Monday, May 29, 2023

Tourism      Monuments      Rock Marvels      Madhya Pradesh     Sanchi    


Place : Sanchi, Madhya Pradesh
Significance : Designated by UNESCO as a World Heritage site 
Best Season : July to March
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Sanchi, a major Buddhist hilltop complex  located 46 km north east of Bhopal, and 10 km from Besnagar or Vidisha in the central part of the state of Madhya Pradesh, is famous for its group of stupas, monasteries, temples and pillars.

Dating from the 3rd century BC to the12th century AD, these are the best preserved and most studied Buddhist sites in India.

Designated by the UNESCO as a World Heritage site for its archaeological and historical importance, it was Ashoka, the Great Maurya Emperor who built the first stupa and a monolithic pillar (3rd century BC ) here. A great number of stupas and other structures such as railings, elaborately carved gateways, Buddha images etc were added over the succeeding centuries. 

The great stupa also called Sanchi Stupa1 is the most famous of the stupa's in Sanchi. The majestic stupa, 36.5 mts in diameter and 16.4 mts high, with its massive hemispherical dome is one of the oldest stone structures in India. Originally built by the Mauryan Emperor Ashoka, the whole structure was rebuilt in its present larger form, in the middle of the 2nd century BC. The original brick stupa was enclosed within a stone encasing in the 3rd century BC.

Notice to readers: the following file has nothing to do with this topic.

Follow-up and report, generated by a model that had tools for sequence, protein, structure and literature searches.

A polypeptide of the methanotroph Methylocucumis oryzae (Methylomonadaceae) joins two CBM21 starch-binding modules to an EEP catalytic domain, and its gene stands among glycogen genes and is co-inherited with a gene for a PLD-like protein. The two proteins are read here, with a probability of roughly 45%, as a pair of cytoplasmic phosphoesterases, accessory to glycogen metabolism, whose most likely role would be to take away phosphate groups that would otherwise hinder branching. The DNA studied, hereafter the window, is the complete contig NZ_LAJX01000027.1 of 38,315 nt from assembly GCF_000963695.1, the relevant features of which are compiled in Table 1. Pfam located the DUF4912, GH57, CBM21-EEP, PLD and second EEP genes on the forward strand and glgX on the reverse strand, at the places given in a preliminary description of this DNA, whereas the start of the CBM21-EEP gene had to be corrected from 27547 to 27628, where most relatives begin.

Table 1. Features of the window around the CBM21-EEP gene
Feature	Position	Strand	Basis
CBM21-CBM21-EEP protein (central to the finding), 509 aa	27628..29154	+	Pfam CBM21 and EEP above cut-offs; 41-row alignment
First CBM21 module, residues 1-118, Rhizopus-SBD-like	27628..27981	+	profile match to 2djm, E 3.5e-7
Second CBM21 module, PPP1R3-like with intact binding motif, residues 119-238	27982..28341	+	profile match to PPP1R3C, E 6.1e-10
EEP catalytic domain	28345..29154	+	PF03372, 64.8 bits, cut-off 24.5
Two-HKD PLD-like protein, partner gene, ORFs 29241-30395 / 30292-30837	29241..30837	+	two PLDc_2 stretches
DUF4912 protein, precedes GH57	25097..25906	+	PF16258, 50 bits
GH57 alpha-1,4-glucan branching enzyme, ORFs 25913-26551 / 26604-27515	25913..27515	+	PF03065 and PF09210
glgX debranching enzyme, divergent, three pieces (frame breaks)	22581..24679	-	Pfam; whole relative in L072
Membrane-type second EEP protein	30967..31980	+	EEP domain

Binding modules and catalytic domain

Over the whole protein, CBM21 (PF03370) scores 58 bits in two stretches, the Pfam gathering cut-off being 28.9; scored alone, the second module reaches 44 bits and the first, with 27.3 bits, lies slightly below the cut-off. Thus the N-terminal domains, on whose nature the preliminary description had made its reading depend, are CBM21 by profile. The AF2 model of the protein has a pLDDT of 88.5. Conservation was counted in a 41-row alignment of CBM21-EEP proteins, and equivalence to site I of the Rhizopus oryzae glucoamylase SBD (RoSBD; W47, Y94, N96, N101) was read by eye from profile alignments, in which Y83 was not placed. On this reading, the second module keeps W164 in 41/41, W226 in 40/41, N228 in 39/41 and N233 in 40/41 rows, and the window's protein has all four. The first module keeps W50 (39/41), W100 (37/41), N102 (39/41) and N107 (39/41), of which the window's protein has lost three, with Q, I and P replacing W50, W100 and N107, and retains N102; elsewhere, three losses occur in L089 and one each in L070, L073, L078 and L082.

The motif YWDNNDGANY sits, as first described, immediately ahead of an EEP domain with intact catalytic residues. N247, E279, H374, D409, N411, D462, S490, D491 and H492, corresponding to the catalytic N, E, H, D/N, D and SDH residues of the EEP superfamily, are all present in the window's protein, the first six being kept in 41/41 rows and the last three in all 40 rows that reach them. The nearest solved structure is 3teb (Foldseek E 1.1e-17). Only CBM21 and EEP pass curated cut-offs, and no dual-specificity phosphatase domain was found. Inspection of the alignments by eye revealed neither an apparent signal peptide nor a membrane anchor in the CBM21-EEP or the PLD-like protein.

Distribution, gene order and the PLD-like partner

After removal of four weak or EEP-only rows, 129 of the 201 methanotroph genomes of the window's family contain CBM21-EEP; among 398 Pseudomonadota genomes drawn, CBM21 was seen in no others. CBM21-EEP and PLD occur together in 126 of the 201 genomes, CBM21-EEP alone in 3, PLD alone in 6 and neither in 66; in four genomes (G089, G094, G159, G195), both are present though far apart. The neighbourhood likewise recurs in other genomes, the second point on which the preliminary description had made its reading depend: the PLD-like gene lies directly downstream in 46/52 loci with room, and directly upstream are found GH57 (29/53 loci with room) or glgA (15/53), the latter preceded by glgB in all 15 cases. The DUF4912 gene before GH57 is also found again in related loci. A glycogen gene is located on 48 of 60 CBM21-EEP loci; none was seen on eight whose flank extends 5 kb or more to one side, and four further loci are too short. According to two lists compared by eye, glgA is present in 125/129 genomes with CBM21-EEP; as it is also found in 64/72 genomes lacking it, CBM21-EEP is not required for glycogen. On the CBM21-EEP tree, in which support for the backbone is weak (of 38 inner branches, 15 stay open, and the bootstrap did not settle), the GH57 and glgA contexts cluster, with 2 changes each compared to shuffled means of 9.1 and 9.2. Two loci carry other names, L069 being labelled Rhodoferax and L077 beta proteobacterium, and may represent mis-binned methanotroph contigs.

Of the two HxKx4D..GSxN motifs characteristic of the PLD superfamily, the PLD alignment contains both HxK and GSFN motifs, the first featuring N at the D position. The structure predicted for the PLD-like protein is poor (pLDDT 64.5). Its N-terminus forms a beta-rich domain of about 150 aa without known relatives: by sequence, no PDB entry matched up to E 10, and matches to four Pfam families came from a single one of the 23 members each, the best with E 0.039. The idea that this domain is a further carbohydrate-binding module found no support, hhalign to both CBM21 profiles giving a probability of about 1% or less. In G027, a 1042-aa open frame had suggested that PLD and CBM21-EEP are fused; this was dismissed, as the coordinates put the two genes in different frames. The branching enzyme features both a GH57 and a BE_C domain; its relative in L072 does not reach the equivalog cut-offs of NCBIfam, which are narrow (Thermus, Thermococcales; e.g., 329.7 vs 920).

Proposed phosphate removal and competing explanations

The last of the additions to this remarkable stupa are the elaborate and magnificently carved four gateways or 'Toranas', considered as the finest works of art at Sanchi and also the finest examples of Buddhist art in India. A railing encircles the stupa, its basic model consists of two upright pillars (8.5 meters high) that are  square in shape joined by three horizontal beams or architraves with volute ends. Built in 35 BC, during the reign of the Satavahanans, these gateways are beautifully covered and carry explicit carvings which depict scenes mainly from the earlier lives of the Buddha (jataka), along with decorative elements like depiction of religious subjects, elephants or pot-bellied dwarves, a set of four lions, auspicious emblems, 'vriksha devatas' (symbolising different types of trees) etc.